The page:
What I want to get built is a multi platform mobile App that combines web Apps & notifications. This would allow me/anyone to build custom solutions using HTML5 and still have real-time notifications in native container.

Also I want robust messaging delivery so I need some form of store and forward for when folk are offline. I don’t want to build this and with PubNub you have common API across all mobile devices and desktop. The only gotcha is iOS where you need to APN when you App is in the background etc. Also I want to integrate imps/RPI/automation devices in multiple locations.

Other contenders Firebase but that’s $600 a year vs $180 for Pubnub when you want to scale. And there is Skynet.im thanks for that one but it’s early days with those guys.


I have put some time to read through the documentation of GCM, Google Cloud Messaging API/server (http://developer.android.com/google/gcm/index.html).

GCM allows a bidirectional communication between an Android device/app and a server. I am using it to push data “directly” from an electricImp Agent to an Android app installed in my phone.

Basically you need to register a new project at google API server (you will get a project number and an API key) and obtain a registration_id from your mobile app (to get an id, you need your device to have a google account).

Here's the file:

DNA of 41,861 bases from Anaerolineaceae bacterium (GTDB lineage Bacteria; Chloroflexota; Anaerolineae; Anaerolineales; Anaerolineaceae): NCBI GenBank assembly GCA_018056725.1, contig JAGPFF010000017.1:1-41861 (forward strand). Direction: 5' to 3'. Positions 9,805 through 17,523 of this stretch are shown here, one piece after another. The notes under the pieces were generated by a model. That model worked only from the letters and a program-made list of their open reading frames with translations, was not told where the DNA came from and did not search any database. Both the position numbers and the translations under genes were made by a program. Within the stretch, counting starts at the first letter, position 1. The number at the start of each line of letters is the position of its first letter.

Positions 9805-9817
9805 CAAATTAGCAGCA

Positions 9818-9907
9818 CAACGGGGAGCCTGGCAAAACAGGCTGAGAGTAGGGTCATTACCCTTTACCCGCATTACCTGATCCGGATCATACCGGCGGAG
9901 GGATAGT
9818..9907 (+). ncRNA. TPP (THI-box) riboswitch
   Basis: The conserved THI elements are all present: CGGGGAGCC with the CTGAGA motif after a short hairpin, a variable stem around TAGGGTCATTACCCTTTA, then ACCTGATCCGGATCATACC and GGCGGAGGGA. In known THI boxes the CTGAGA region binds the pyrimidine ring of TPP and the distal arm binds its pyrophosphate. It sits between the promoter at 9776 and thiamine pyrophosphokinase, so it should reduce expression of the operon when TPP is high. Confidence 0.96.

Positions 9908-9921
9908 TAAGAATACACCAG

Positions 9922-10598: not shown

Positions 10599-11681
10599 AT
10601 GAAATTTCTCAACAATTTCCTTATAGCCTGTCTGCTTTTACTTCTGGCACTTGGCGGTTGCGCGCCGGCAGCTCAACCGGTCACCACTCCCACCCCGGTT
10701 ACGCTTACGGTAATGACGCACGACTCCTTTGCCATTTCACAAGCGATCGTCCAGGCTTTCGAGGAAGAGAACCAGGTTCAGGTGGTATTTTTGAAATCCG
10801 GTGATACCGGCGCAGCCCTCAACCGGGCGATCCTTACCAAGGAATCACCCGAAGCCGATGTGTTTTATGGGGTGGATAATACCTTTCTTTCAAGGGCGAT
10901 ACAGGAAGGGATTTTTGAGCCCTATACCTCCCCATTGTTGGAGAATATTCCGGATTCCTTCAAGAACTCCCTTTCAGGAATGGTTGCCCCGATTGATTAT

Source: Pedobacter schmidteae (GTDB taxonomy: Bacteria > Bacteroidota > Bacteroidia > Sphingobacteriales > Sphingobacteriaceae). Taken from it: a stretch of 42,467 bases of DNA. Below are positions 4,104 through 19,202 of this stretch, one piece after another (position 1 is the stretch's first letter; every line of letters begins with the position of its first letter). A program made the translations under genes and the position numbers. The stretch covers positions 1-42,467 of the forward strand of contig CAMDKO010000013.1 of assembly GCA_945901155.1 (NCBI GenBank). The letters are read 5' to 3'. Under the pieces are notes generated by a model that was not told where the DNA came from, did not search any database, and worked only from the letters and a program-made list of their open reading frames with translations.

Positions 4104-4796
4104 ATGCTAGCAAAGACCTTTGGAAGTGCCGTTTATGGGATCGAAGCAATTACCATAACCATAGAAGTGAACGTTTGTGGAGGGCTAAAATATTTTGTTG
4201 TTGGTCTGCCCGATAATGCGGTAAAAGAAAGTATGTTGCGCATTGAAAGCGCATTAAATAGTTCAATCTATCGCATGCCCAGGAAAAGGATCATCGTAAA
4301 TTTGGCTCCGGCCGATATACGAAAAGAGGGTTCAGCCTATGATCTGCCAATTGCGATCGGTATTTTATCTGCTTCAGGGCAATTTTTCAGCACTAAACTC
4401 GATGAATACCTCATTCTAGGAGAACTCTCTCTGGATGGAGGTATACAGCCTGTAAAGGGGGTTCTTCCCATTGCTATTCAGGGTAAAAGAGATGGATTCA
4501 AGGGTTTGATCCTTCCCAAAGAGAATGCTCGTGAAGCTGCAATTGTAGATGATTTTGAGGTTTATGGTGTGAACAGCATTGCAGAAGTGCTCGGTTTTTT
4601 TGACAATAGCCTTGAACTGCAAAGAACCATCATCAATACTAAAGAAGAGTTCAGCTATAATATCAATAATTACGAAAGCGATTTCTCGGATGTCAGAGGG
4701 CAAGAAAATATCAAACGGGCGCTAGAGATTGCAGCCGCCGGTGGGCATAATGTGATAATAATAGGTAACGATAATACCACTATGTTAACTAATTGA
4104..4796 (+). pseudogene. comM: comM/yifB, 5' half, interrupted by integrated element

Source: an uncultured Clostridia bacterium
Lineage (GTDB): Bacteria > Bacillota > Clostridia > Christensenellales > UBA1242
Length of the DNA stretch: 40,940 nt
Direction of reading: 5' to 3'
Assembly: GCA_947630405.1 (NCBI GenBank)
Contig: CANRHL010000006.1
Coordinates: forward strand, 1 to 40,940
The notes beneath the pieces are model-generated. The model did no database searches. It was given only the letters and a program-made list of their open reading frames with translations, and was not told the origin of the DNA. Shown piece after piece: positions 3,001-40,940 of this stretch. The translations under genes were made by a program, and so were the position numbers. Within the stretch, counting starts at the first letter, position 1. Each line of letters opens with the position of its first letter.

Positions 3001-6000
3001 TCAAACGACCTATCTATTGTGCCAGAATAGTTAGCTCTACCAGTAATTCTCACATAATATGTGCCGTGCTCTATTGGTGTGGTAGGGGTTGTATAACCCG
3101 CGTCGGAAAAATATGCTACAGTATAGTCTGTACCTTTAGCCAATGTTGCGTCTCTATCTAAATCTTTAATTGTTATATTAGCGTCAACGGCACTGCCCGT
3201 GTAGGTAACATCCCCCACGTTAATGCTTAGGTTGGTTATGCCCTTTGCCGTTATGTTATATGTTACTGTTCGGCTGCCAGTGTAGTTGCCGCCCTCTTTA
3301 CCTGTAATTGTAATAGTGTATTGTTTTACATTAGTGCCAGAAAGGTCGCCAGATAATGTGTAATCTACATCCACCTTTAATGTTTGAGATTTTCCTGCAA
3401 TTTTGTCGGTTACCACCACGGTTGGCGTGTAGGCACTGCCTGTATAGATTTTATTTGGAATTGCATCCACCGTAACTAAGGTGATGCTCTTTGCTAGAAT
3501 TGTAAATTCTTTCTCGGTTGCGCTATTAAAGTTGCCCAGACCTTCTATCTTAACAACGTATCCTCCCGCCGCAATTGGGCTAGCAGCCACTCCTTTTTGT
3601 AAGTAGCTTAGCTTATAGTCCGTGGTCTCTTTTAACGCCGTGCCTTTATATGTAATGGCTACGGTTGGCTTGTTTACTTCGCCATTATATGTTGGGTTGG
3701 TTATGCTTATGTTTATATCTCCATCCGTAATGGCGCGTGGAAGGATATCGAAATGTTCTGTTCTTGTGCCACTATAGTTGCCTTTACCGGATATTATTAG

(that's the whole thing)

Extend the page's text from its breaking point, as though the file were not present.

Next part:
Once you have the API-key and the registrationId, you can start pushing messages to the device/app through an http POST API. More info can be found in this tutorial: http://hmkcode.com/android-google-cloud-messaging-tutorial/

An example http request (without key/id values):

`POST https://android.googleapis.com/gcm/send HTTP/1.1
Authorization: key=XXXXXXXXXXXXXX
Content-Type: application/json
Host: android.googleapis.com
Content-Length: 272


My squirrel code to generate this request from an electricImp agent:

`const GCM_URL = “https://android.googleapis.com/gcm/send”;
const jsonStringA= “{“data”:{“Intensity”:100,“Color”:{“Blue”:”;
const jsonStringB= “,“Green”:”;
const jsonStringC= “,“Red”:”;
const jsonStringD="}},“registration_ids”:[“YYYYYYYYY”]}";

local previousValue=256;

function postReading(potString) {
server.log("New Reading: " + potString);
if (previousValue!=potString) {
local red=0;
local green=0;
local blue=0;
if ((potString/128)<1) {
local tmp=potString%128;
} else {
local tmp=potString-128;
blue= tmp
red= 255-blue;
local body = jsonStringA + blue + jsonStringB + green + jsonStringC + red + jsonStringD;
local request = http.post(GCM_URL, {“Authorization”:“key=XXXXXXXXXXXXXX”,“Content-Type”:“application/json”}, body);
local resp = request.sendsync();
server.log("HTTPResponse: " + resp.statuscode + " - " + resp.body);
} else {
server.log(“POT value unchanged. No push send to GCM server”);

VERY EASY and works perfectly! But the app costs money.

For a personal project, I think I’d use Electric Imp’s Twitter library and Tweet notifications. The Twitter app presents the notifications on your mobile device, and it’d work especially well if the notification account is the only one you’re following! It’s free too.